I discovered that MARTA was operating. That would have been something the airport should have been going around telling people. I guess that would have required employees, most of which seemed to have disappeared.
After three hours in the chaos, I decided to give up and get out of there. It took about two hours from the time I bought my subway ticket to get to the North Springs MARTA station where my mother, whose house I left before going to the airport, picked me up.
After that long day, I decided to walk to the Crabapple Tavern for a couple of drinks and Sunday Night Football. Humorously, the tavern closed before the football game was over. Living in Las Vegas, that was something I found odd.
My wife rebooked my flight while I dealt with my escape from Hartsfield. I am on a flight that leaves Atlanta today (Monday) at 8:35pm. It is showing as on time. I’m not confident that will happen.
I Was Lucky, Others Had Worse Experiences
I feel lucky that I didn’t make it through security or get stuck in a tram or plane. It could have been much worse.
On MARTA, I heard stories of people in wheelchairs stranded in concourses and tram lobbies. Calls for rescues from trams and elevators were coming over the police radio. The tram atrium was overflowing because the escalators were not working. At the tavern, there were people that were stuck on a plane for 5.5 hours and had quite a journey once they were finally released from the plane.
All of these are nightmare scenarios that make me feel fortunate. I usually walk to my concourse at Hartsfield. I’m definitely doing that from now on, if I ever fly here again. Next time, I’m going to seriously consider flying into Chattanooga or Greenville.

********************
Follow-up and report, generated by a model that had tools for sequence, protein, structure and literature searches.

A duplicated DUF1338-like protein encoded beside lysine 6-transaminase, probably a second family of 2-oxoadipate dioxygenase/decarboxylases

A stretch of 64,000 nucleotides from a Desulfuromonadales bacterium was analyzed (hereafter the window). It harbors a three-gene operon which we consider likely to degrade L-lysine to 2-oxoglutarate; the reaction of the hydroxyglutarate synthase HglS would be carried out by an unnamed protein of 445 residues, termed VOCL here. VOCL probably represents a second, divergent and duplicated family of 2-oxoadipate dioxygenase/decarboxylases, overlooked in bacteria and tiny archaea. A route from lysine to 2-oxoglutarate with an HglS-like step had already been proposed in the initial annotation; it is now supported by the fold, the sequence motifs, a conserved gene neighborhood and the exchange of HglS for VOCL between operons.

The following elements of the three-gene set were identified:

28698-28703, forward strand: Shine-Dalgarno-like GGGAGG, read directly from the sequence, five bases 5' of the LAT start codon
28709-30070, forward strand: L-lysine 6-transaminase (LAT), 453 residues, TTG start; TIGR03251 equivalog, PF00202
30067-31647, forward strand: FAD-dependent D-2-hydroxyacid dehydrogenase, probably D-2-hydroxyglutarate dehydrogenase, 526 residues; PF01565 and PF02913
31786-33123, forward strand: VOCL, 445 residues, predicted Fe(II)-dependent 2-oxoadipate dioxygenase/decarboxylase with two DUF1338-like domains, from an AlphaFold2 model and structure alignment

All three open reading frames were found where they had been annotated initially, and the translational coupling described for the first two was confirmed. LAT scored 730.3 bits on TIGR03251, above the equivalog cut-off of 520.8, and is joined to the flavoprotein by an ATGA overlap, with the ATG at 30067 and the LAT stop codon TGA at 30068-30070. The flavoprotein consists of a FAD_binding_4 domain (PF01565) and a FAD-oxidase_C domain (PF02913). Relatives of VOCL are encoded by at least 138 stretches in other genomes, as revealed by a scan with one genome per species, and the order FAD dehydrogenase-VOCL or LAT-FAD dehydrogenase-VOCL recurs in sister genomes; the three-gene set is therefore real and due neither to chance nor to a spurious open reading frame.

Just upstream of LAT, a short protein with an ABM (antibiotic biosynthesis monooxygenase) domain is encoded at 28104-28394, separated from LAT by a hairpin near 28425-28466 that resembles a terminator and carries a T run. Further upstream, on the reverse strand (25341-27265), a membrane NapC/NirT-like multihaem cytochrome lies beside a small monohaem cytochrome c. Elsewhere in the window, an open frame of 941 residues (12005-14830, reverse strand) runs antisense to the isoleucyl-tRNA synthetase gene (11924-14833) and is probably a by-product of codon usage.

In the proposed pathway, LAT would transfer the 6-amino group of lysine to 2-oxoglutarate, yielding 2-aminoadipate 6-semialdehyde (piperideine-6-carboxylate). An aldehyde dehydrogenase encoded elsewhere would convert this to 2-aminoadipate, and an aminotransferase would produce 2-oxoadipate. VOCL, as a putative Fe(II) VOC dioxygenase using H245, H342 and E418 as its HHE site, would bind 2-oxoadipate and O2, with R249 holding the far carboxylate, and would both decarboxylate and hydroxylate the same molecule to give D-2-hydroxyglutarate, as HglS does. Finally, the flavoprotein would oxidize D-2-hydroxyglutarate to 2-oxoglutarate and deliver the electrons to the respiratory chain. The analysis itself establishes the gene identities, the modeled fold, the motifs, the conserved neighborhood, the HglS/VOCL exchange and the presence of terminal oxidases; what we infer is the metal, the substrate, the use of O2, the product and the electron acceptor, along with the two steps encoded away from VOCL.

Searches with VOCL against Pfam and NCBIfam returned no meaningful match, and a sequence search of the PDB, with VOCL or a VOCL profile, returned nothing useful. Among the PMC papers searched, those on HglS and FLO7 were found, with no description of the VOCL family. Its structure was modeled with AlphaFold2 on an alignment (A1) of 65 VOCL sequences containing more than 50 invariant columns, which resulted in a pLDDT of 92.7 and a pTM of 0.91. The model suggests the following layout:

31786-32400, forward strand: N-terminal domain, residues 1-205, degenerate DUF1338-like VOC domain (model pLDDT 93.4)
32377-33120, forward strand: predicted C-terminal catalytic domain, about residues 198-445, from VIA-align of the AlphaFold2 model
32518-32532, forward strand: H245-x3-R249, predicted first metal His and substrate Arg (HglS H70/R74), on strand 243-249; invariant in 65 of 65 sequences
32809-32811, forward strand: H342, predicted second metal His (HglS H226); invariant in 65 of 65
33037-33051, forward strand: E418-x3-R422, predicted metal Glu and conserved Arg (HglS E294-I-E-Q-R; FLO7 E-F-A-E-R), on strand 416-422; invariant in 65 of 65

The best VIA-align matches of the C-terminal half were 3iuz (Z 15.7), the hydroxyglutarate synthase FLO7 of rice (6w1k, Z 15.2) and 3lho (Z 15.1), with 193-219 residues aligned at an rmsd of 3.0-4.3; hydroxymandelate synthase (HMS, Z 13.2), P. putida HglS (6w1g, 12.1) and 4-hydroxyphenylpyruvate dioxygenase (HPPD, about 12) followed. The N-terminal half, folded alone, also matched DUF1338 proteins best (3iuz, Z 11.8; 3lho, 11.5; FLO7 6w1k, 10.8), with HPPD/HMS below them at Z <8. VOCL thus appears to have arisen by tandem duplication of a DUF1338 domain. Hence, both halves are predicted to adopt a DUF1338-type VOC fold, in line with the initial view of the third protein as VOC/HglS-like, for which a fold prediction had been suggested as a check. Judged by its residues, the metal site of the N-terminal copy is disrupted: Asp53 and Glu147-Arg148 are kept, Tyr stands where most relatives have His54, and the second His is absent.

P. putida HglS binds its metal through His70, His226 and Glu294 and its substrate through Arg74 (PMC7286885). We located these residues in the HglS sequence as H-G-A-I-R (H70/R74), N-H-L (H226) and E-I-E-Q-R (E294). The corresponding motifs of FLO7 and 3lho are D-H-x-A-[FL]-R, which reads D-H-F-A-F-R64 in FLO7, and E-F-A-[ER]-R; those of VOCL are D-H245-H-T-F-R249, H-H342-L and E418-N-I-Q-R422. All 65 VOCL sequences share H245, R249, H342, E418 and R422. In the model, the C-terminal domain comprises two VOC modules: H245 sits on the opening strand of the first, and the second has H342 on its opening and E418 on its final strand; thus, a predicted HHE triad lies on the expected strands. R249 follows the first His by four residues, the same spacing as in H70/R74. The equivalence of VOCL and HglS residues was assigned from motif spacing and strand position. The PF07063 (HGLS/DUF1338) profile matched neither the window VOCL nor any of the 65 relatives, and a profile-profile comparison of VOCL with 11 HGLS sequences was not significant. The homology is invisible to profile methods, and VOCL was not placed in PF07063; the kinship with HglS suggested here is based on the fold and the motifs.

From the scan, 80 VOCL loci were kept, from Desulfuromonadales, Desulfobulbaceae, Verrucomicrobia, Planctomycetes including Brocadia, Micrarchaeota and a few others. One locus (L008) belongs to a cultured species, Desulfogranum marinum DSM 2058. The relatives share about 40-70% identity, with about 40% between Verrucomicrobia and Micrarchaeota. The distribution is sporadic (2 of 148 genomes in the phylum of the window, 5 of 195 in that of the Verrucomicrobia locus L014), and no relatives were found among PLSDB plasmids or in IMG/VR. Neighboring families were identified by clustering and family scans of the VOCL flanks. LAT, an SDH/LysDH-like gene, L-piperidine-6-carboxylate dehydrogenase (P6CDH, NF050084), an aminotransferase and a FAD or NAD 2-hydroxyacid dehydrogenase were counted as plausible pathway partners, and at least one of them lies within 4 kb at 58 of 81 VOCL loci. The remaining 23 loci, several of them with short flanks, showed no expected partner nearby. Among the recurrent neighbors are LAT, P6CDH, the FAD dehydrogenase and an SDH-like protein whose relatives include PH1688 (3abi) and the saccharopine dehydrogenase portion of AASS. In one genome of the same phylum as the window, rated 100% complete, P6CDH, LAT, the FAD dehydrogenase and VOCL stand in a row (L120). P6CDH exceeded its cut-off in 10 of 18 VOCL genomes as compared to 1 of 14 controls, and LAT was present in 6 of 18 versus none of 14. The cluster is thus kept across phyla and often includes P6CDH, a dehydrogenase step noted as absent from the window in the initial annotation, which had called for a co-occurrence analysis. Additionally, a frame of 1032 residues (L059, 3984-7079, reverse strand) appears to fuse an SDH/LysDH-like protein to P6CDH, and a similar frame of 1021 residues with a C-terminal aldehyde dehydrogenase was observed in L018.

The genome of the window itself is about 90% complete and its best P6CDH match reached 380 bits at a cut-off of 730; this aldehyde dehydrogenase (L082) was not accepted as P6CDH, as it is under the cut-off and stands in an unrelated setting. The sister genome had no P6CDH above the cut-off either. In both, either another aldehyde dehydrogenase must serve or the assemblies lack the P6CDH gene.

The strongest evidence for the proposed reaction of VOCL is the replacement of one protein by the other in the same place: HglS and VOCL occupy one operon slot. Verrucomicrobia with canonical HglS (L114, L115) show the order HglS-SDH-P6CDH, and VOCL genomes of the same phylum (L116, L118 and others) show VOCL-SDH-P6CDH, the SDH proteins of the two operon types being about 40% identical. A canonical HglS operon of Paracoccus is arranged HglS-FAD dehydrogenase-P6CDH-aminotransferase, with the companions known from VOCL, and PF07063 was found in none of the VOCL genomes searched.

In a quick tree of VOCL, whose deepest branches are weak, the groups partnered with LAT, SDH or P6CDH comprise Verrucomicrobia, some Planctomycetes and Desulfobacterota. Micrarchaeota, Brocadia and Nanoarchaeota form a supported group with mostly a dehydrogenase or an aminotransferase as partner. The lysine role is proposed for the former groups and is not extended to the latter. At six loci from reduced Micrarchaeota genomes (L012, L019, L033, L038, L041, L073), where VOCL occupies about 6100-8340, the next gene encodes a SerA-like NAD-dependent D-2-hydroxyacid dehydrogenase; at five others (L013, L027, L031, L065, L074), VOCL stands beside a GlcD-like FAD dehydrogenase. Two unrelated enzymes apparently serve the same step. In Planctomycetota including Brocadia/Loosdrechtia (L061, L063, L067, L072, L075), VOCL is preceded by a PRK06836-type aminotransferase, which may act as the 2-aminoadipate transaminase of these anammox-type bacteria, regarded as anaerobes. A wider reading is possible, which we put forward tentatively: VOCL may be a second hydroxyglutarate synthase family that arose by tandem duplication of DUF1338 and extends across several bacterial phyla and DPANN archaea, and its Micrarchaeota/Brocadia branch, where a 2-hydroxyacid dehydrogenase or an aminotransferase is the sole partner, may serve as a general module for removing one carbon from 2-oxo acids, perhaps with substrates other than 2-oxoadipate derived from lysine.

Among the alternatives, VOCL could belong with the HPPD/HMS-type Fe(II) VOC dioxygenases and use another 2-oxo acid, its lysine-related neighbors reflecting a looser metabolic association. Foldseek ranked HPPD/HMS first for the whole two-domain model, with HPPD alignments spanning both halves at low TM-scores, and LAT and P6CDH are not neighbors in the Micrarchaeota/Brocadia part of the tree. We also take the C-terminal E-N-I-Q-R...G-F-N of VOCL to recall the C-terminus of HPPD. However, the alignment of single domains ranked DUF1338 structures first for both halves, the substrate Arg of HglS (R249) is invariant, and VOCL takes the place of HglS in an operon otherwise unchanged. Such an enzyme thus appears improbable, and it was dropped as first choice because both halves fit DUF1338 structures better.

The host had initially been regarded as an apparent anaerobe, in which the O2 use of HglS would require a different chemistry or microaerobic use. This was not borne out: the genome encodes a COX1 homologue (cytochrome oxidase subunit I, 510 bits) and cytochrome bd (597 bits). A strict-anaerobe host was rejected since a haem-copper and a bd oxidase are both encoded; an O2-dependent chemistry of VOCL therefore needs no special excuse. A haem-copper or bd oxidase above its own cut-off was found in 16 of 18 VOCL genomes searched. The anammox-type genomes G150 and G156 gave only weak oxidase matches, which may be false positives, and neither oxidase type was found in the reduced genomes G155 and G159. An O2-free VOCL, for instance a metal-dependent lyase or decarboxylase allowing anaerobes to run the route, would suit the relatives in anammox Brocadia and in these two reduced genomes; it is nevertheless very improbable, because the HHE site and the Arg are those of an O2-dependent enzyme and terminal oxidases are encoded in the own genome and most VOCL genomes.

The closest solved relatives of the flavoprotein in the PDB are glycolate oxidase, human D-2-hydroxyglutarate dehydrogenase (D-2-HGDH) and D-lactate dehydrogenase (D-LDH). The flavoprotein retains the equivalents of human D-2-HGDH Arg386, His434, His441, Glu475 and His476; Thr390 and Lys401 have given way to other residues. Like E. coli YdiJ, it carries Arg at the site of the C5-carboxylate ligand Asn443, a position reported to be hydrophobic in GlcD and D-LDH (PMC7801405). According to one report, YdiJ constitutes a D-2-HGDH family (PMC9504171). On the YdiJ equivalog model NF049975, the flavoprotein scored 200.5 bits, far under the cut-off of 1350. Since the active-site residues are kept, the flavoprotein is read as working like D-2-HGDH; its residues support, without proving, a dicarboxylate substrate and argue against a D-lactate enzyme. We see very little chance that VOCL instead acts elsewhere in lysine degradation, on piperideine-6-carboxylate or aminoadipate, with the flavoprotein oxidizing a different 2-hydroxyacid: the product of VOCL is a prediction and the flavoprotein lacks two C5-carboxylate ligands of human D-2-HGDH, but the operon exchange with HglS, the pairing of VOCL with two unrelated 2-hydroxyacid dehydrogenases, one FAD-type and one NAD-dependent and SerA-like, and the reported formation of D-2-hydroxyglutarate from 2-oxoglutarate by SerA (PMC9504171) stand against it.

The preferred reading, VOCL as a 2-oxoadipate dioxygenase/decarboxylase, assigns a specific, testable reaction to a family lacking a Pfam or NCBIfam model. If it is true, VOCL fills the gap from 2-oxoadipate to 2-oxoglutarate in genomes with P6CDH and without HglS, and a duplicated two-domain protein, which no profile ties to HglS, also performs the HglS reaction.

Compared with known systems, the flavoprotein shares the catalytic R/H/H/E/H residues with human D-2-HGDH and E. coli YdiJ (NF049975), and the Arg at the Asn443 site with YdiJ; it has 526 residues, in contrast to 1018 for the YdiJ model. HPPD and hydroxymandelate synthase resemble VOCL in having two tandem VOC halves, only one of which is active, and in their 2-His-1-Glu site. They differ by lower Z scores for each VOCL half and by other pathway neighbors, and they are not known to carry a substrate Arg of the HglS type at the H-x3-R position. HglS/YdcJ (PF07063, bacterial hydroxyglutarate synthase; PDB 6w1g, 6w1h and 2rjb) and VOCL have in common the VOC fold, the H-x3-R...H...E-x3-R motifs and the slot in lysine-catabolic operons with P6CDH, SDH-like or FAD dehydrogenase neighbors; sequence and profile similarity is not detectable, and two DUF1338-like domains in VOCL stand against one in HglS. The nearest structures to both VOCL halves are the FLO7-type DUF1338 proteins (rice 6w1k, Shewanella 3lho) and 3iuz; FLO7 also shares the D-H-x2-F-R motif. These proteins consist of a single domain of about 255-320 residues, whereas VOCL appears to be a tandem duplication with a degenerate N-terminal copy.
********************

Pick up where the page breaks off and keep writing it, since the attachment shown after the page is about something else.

Atlanta Should Be Embarrassed About How This Was Handled
Accidents happen. That wasn’t the problem. The issue is the lack of information being passed onto passengers. It’s clear now that Georgia Power knew that it wasn’t going to be able to quickly restore power. Why did the airport not tell people this? Passengers kept arriving and those stuck there stayed when it was obvious to airport officials that Hartsfield would not reopen Sunday.
There’s also the obvious issue with a problem at a single point being able to shut down the entire airport. The tram to the rental car lot that failed is 2.5 miles from the fire. It seems impossible to think that there is proper redundancy for that to happen. Baggage claim is a mile away from the fire. It should also have its own power. It’s clear there were not proper generators. There’s no excuse for not having a generator for water pumps to ensure that bathrooms worked properly, or for elevators and trams to prevent people from being trapped for hours.
Hartsfield officials needed to go through the airport alerting travelers that operations were closed for the day when that was known, especially since there was no cell or data service. Alerting people that MARTA was fully operational would have been another plus that would have thinned the crowd. They did none of this and the world’s busiest airport’s reputation is forever damaged because of it.